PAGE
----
That’s why I say Inflation is your Real Estate Buddy.

It’s hedge against inflation, it provides shelter(everybody gotta live somewhere), YOU pick your neighbours, the debt you use for leverage eventually does get retired (forced savings really) …

and … if you live in a country that has recently (last 5-10yrs) been acknowledged as an OK “safe haven” (foreign monies will flow here)

and … if you happen to live in a city that has (finally) been acknowledged as #1 in the World (quality/safety-seeking people will come here)

and … if you appreciate that the drop in the $C vs $USA has just put ALL our real estate “on sale”

AND …. if you live in the GTA that has growth/sprawl boundaries erected around it (Green Belt Act) and had designated intensification zones identified (Places to Grow Act) then the old saw “Land – they ain’t making any more of it” is about to come true, even MORE than in the last 10 years.

We are going to see Property Prices appreciate for supply reasons, for demand reasons, for currency reasons, for zoning/planning/re-intensification reasons

and for inflationary reasons too.

Governments are the biggest debtors – examine Ottawa’s Debt ($889.4Bn 3/31/14) to Revenue ($271.7 Bn 3/31/14) ratio –– it’s 327% of Revenue

or Ontario’s Debt to Revenue (Public Accts 3/31/14)= $295.758 Bn Debt to $115.911Bn Rev =255% of Revenue

Given this …ain’t it odd that the Bank of Canada goes all sanctimonious and TvNewsTalkers put on a “panicky look” when Cdn Household debt ratio hits 160!!

To get out of that debt/bond-age they’re now going to pay off principal (heck while in deficit, they’re not paying all the interest, they’re borrowing it each year)

To get out of debt/bondage they’re going to “inflate out”.

Gradually let prices/wages/property prices/everything “go up” subtly, imperceptibly at say 2% a yr (see Rule of 72 site – calculate  how 2%/yr = ~25% in 11 years)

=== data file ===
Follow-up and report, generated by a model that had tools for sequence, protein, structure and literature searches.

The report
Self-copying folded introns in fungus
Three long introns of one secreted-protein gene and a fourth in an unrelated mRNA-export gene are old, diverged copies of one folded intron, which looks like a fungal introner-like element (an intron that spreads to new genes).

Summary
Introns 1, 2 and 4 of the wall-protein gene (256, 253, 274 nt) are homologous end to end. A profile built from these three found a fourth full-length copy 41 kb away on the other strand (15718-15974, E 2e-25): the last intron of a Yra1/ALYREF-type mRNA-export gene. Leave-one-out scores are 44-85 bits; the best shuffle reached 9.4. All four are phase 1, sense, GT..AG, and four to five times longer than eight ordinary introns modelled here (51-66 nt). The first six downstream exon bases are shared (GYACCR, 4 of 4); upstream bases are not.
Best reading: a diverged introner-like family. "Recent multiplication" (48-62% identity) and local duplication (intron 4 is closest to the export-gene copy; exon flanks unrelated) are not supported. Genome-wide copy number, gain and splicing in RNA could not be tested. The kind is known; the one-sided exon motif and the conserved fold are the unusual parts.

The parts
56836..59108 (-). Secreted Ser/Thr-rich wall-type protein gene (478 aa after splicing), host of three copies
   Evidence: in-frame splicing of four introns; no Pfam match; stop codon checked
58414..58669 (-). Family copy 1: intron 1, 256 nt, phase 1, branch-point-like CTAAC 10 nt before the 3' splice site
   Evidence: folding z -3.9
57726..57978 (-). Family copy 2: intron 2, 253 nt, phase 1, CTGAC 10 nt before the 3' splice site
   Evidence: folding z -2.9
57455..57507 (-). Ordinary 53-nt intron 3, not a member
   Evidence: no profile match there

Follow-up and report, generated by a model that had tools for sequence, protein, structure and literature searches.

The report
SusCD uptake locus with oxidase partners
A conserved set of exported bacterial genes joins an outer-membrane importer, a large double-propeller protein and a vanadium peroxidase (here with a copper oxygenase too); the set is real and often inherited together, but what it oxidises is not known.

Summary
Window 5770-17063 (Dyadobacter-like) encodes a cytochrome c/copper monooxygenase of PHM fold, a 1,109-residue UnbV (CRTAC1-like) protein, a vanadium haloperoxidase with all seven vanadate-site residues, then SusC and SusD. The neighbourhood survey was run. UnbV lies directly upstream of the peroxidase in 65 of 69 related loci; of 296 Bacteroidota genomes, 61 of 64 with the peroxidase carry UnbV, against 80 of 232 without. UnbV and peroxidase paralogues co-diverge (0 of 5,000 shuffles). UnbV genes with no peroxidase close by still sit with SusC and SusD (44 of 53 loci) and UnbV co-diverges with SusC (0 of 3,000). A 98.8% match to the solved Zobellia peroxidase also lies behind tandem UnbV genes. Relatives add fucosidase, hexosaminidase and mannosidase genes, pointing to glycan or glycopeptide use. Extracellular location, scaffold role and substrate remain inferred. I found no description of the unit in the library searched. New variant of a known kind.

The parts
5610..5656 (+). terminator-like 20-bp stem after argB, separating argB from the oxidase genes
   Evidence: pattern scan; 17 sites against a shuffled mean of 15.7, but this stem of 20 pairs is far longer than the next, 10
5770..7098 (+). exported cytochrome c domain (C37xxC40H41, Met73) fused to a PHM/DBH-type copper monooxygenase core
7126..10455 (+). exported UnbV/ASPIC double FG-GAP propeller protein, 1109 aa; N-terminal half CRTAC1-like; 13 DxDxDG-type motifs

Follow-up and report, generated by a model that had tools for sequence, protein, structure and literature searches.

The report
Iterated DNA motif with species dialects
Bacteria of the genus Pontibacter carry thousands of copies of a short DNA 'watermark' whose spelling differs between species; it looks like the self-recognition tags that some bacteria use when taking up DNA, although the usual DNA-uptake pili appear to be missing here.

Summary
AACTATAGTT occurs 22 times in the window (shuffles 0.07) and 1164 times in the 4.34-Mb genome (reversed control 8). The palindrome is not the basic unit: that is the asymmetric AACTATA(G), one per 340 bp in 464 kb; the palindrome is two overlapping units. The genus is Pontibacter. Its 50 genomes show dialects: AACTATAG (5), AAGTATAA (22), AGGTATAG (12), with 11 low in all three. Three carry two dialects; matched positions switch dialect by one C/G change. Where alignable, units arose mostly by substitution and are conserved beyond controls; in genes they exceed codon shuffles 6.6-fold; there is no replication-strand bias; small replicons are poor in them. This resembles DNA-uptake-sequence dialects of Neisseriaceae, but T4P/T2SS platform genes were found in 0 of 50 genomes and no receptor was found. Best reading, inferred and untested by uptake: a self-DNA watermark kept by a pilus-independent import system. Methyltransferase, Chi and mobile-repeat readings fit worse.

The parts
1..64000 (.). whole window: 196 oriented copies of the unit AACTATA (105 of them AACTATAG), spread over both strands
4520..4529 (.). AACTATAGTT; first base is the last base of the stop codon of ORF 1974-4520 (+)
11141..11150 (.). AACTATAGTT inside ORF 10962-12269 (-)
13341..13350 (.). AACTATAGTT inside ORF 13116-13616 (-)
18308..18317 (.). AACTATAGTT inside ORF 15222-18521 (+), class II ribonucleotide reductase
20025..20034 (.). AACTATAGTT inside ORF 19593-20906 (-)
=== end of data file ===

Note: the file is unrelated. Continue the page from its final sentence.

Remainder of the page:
WHY “inflate out”? – simple, the principal balance of a debt is fixed in dollar terms, if the “value/buying power” of future dollars goes down (undermined by inflation) then a) the (fixed$)DEBT to (future-cheaper$)Revenue (or GDP) ratios fall “into line” and b) the rising $amount of incomes is STILL TAXED at the same (or higher) rates of tax = more Revenue.

But won’t inflation over the “magic 2%” threshold spurn an interest rate hike?

Yes, but only a slight increase (0.25-0.50% in yr #2, another 0.5-.0.75% after that) AND ONLY after the “governors” decide they’ve ~”let the stimulating effect of 2.75%-3.15% inflation impact/correct/mitigate/un-do the past effects of prolonged sub-2% growth”~ — wait for it.

YES, but rates won’t go to 6% or 8% or first mortgages at 12% etc…WHY? because it would break every gov’t budget in the country and in the world …remember THEY are the biggest debtors.

SO…back to the beginning … Inflation IS your Real Estate Buddy and So is Borrowing …ESPECIALLY in inflationary times.

Lastly – here’s the Nominal TREB Annual Prices (Blue) and the CPI-Adjusted to constant 2014 (Purple)

CPI-Adjusted vs Nominal Prices4f-CPI-10_5_5_5